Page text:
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How to Keep Good Tenants

One of the most important parts about renting your property is to get good tenants in place. Tenants who pay their rent on time and take care of a home are the key to any landlord’s future financial success. Once you find good tenants, your focus needs to shift to keeping them -- and the income they bring in.

Communicate Early and Often

When you need to come by the property to fix something or check out a problem, give them more than the advanced notice required by law. If the rent will increase at the next renewal, don’t wait until the last minute to tell them. Keep the lines of communication open for the big things, like lease negotiations, and the small things. Your tenants will feel respected and informed.

Keep Your Promises

After you assure them that you’ll install new flooring or fix the dishwasher, make sure you get it done as soon as you can. If you’ve promised upgrades, new paints, new fixtures, or even a price break on the rent in exchange for work done, honor your promise. You’ll earn your tenant’s trust and give them a good reason to stay put when the next lease renewal comes around.

Listen to Tenants’ Complaints

Between noisy neighbors, pests in the kitchen, and a light switch that never works, there are plenty of things that a tenant may notice and be bothered by. When they call, listen respectfully, make a note of their concerns, and empathize with them. Make them feel heard, and remember, whatever you tell them you’ll do about the problems, make sure to keep your promises.

Be Understanding

Have a tenant that has never been late in two or three years but because of a broken down vehicle or death in the family, paid rent a day late? You have to use your discretion on this, but waiving a late fee builds plenty of good will. Feel free to tell them you’ll only do it this once or to create a policy for all your tenants that you’ll waive the fee once a year (for tenants who routinely pay on time, of course). Everyone has a rough day and mistakes happen. Treat your best tenants with understanding, and they’ll stay your best tenants.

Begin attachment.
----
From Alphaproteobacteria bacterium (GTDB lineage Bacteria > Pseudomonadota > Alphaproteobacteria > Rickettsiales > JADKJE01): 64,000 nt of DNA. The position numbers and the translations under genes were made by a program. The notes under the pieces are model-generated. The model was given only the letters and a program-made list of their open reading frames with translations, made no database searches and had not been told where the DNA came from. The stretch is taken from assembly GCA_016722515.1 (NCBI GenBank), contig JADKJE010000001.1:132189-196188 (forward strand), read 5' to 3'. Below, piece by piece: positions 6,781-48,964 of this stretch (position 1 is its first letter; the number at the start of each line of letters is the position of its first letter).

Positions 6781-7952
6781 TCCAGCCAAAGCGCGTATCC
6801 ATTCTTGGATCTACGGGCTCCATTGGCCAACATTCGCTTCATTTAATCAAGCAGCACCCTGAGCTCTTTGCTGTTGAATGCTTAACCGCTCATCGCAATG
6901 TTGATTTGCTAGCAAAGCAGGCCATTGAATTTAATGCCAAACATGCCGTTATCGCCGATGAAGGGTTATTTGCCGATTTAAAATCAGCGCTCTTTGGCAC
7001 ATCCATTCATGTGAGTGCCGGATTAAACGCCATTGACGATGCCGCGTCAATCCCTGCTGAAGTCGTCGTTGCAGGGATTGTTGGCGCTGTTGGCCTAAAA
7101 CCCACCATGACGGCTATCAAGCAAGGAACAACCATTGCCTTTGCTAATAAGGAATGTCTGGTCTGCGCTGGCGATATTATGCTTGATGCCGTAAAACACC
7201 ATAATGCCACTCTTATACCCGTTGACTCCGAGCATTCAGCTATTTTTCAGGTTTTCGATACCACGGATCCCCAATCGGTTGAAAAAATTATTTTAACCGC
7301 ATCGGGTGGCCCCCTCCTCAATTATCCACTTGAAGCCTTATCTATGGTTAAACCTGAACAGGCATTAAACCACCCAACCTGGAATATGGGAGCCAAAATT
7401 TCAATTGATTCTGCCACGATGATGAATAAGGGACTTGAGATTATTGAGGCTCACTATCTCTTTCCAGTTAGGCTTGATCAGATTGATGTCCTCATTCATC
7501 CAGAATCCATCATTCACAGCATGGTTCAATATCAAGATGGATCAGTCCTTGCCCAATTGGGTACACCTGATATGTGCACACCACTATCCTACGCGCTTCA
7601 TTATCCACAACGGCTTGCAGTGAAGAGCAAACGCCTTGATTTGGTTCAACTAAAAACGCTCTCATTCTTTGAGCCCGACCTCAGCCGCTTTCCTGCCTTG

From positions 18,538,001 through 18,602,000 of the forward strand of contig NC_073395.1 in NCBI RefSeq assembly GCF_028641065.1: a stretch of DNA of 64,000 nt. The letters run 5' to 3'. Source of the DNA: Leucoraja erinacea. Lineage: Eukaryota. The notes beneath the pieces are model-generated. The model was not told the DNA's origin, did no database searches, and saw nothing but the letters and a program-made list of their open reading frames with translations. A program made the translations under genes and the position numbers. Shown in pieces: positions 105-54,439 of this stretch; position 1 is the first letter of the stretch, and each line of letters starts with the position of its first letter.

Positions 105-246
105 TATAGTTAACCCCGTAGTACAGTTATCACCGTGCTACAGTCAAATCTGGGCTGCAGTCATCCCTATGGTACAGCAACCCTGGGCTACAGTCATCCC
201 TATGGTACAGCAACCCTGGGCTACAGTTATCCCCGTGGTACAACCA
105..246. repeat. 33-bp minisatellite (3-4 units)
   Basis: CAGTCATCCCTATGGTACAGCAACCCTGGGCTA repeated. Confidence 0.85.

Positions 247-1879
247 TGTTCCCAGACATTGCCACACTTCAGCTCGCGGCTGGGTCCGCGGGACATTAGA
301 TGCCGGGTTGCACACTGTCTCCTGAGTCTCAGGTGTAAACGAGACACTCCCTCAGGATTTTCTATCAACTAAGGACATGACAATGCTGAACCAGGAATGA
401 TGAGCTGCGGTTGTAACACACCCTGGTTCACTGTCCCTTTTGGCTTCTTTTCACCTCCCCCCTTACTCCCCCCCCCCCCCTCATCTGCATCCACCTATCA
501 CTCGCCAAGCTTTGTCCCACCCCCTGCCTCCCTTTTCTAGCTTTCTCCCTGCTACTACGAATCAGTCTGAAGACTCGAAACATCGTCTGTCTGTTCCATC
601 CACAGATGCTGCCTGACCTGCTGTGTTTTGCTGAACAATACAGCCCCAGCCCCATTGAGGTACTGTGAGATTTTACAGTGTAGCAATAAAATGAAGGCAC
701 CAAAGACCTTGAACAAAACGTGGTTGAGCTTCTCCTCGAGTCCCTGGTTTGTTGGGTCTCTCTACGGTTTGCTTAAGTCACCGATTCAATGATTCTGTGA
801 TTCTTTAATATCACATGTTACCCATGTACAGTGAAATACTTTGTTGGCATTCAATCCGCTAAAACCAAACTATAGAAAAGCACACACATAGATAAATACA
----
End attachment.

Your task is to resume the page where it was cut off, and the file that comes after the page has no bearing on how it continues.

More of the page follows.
Maintain the Property

If certain maintenance tasks are your responsibility, make sure you take care of them. Don’t wait for a major leak in the roof to replace it, especially if you know exactly what shape the roof is in. Don’t let the air conditioner go out on the hottest day of the year before you take care of it. Regular HVAC, lawn, roof, and other maintenance not only keeps your good tenants happy, it helps maintain your home’s value.

Upgrade When It Makes Sense

When the refrigerator finally dies, don’t replace it with the cheapest thing you can find at the home improvement store. If the air conditioner needs replacing, don’t get the smallest one by the worst manufacturer. Upgrading appliances and other parts of your rental property for maximum energy efficiency and better quality manufacturers does a few things:

● Makes your tenants happy to know they have something nice and reliable.

● Saves you on future repair costs.

● Justifies modest rent increases.

Allow Your Tenants to Make Some Changes to the Property

Of course you should approve any changes first and ask questions to make sure you understand what a tenant wants to do. But be glad you have tenants who care enough about the property to want to make it a home and improve it. Feel free to approve paint colors that you know you can paint over later, if necessary, or any changes that raise the value of the rental. Ask to see the plans, know who’s doing the work, or any other details to feel comfortable with the project before giving your approval.

Ultimately, it’s in your best interest to find and retain good tenants for your rental properties. You have less to worry about and, usually, fewer expenses. Over time, they’ll make a home for themselves, and may be willing to pay a higher rent for a nicer house and a landlord who is understanding and easy to work with.

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